Meanwhile, the pursuing forces had closed in and Major Johnston, with Trooper Thomas Anlezark, from the Governor's Body Guard of Light Horse,[32] approached them again to parley, calling the leaders Cunningham and William Johnston down from the hill. Demanding their surrender, he received the response "Death or Liberty" from Cunningham,[33] to which some were reported to have added "and a ship to take us home",[34] although that exchange was only once recorded, some time later, by Suttor.[35]

With the NSW Corps and militia formed up in firing lines behind Major Johnston, he and Trooper Anlezark produced pistols, while negotiating under truce, duping the two leaders of the uprising, and escorting them back to the soldiers' lines. On being given the order to engage, Quartermaster Sergeant Thomas Laycock directed more than fifteen minutes of musket fire at the rebel lines and then charged, cutting Cunningham down with his cutlass. The now-leaderless rebels tried to fire back, but then broke and dispersed.[36]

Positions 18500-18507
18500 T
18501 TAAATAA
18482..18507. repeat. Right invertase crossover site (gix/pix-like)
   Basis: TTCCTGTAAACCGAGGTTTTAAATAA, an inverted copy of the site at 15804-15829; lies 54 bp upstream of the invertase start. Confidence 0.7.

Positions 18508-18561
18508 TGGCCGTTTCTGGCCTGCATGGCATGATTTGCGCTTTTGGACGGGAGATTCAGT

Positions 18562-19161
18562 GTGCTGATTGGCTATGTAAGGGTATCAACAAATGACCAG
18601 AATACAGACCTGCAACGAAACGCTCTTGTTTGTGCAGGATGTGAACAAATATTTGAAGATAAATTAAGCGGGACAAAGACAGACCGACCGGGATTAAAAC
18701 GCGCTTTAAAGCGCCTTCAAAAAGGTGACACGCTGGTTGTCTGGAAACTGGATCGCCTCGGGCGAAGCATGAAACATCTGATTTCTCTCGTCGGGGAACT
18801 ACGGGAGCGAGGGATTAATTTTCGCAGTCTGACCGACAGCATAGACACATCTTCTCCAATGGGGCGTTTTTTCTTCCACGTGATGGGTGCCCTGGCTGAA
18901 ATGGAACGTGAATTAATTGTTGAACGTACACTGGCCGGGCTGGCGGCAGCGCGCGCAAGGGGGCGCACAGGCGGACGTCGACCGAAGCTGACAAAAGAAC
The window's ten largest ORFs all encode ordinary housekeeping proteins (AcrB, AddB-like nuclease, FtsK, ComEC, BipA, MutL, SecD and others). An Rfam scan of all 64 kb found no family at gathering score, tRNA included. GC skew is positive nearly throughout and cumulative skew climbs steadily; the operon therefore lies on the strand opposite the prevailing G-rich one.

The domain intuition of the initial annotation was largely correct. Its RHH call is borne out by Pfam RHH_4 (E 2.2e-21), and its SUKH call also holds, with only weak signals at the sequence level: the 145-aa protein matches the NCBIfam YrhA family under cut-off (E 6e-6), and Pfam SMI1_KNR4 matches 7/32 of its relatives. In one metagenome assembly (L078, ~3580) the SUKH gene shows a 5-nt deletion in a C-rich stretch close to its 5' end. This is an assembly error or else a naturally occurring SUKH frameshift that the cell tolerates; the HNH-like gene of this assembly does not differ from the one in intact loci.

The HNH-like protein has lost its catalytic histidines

According to official reports, at least fifteen rebels fell during the battle. Major Johnston prevented further bloodshed by threatening his troops with his pistol to temper their enthusiasm.[37] Several convicts were captured and an unknown number killed in the ensuing pursuit of the rebels, which continued until late in the night, with newly arrived soldiers from Sydney joining in the search. It was reported that gun shots could be heard up to a fortnight later, such was the settling of old scores. On Wednesday, 7 March, Governor King announced that those who surrendered before 10 March would receive leniency and, following that, large parties who lost their way in the night turned themselves in under the amnesty, or made their way back to Castle Hill, where a large party of about 70, led by Samuel Humes, was captured by a detachment of the Loyal Parramatta Association.[38]